There’s also a button on the top that Sky says ‘electronically disconnects’ Sky Live’s camera and microphones. There are probably people out there who would prefer a hardware solution such as a simple, physical cover, and it sure won't be long before some enterprising third-party begins selling just such a thing.

On top of the unit is an array of four far-field microphones, and Sky Live features background noise suppression for increased intelligibility.

Sky Live video calling

Sky Live

(Image credit: Future)

One of the most obvious features of Sky Live is video calling, which is provided by Zoom. The big advantage of going with Zoom, rather than Sky developing its own solution, is that you can use it to have video calls with people running the Zoom app on their laptop, tablet or phone. The Apple TV 4K and most of Sony’s latest TVs are about to get the Zoom app, too. Importantly, Zoom calls on Sky Live will be free.

Most people are familiar with video calling these days and the Sky Live implementation isn’t exactly revolutionary, but it is neat. In the hands-on demo session, it responded smoothly and accurately to the number and positioning of the people in the room, following and zooming when it was just one person and expanding to accommodate more people as they entered. Certainly, Sky Live appears to handle this sort of thing far more effectively than the Portal TV we had the misfortune of using during lockdown.

Sky Live Watch Together

Sky Live

(Image credit: Future)

The natural expansion to video calling for a company such as Sky is the ability to combine it with watching content, so you can watch a movie, TV show or sporting event ‘with’ friends even when they are not in the same room / house / town / country.

Again, this isn’t a Sky invention, but the company does appear to have implemented it well. It works with all live channels and all of Sky’s own on-demand content (though not content delivered via third-party streaming services such as BBC iPlayer or Netflix), and in the hands-on session, the five-’household’ watch party ran perfectly smoothly.

Sky says it has gone to a lot of effort to ensure playback is synchronised for all participants (there is a delay of just a couple of seconds that’s added in order to accommodate this) and anyone on the call can fast-forward, rewind or pause. The idea is that this is handled as it would be if you were all watching in the same room, without a single person being in charge.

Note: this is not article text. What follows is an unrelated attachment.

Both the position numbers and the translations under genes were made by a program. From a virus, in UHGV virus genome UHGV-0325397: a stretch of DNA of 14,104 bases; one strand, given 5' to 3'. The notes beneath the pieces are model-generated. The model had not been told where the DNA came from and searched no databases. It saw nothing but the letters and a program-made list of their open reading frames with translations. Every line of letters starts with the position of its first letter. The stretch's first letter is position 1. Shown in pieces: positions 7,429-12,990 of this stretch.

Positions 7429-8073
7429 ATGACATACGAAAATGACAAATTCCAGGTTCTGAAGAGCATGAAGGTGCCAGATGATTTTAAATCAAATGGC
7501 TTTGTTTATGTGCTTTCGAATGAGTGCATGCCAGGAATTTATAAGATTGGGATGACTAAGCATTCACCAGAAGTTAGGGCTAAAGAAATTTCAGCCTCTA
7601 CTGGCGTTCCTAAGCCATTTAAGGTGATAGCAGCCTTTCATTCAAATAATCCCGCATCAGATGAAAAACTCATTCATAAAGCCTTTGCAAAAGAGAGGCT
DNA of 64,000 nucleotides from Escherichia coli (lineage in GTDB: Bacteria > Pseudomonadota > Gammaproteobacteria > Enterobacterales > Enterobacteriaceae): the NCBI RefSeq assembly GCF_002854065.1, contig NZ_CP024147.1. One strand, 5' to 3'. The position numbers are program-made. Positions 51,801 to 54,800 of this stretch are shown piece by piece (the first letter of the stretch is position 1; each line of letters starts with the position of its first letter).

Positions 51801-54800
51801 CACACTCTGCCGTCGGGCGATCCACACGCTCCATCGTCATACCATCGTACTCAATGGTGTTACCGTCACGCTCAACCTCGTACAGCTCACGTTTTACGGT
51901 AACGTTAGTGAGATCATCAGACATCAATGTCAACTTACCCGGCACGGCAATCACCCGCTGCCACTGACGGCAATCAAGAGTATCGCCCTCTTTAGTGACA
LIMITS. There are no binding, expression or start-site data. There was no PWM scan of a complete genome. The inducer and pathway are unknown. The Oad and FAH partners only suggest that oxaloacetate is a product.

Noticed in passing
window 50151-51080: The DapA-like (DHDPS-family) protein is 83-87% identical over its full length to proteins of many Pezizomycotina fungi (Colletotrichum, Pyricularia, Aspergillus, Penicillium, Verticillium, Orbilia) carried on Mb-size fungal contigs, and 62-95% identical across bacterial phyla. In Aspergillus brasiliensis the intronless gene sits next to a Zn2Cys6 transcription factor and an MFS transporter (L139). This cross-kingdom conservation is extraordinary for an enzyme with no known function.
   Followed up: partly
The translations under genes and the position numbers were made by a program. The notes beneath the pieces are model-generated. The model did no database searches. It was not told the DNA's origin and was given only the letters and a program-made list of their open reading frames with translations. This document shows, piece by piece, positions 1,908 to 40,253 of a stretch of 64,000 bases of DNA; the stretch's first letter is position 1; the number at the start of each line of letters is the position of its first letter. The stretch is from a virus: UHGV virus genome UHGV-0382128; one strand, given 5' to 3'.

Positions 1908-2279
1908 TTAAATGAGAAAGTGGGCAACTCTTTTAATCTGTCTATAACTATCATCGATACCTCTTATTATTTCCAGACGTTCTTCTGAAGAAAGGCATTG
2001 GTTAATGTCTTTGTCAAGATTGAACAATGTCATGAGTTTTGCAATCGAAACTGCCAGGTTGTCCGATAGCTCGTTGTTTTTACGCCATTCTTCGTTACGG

In terms of presentation, the video feeds from your friends’ cameras are placed in a column to the right of the movie window. You can have up to four here, with others relegated to the background. Sky Live will automatically bring forward those who are talking.

Speaking of which, you can blend the movie and chat audio at your leisure, and switch to full-screen movie mode.

The only obvious downside is that Watch Together currently supports only HD, SDR content, for performance reasons; but if you’re a stickler for picture quality, you likely won’t want to watch your movie in a window with your mates’ mugs running alongside anyway. This is more about the social experience than it is serious cinema.

Sky Live games

Sky Live

(Image credit: Future)

Sky clearly sees Sky Live as a gateway to gaming on its platform, and the camera accessory has launched with 28 games on board. Two of these will be instantly familiar to even the most casual of gamers: Fruit Ninja and Monopoly.

Fruit Ninja, which began life as a touchscreen game before being turned into a motion-sensor game for Xbox Kinect way back in 2011, works exactly as you would expect, with the player slashing at flying fruit with their hands. The Sky Live implementation appeared very responsive and accurate during our demo session.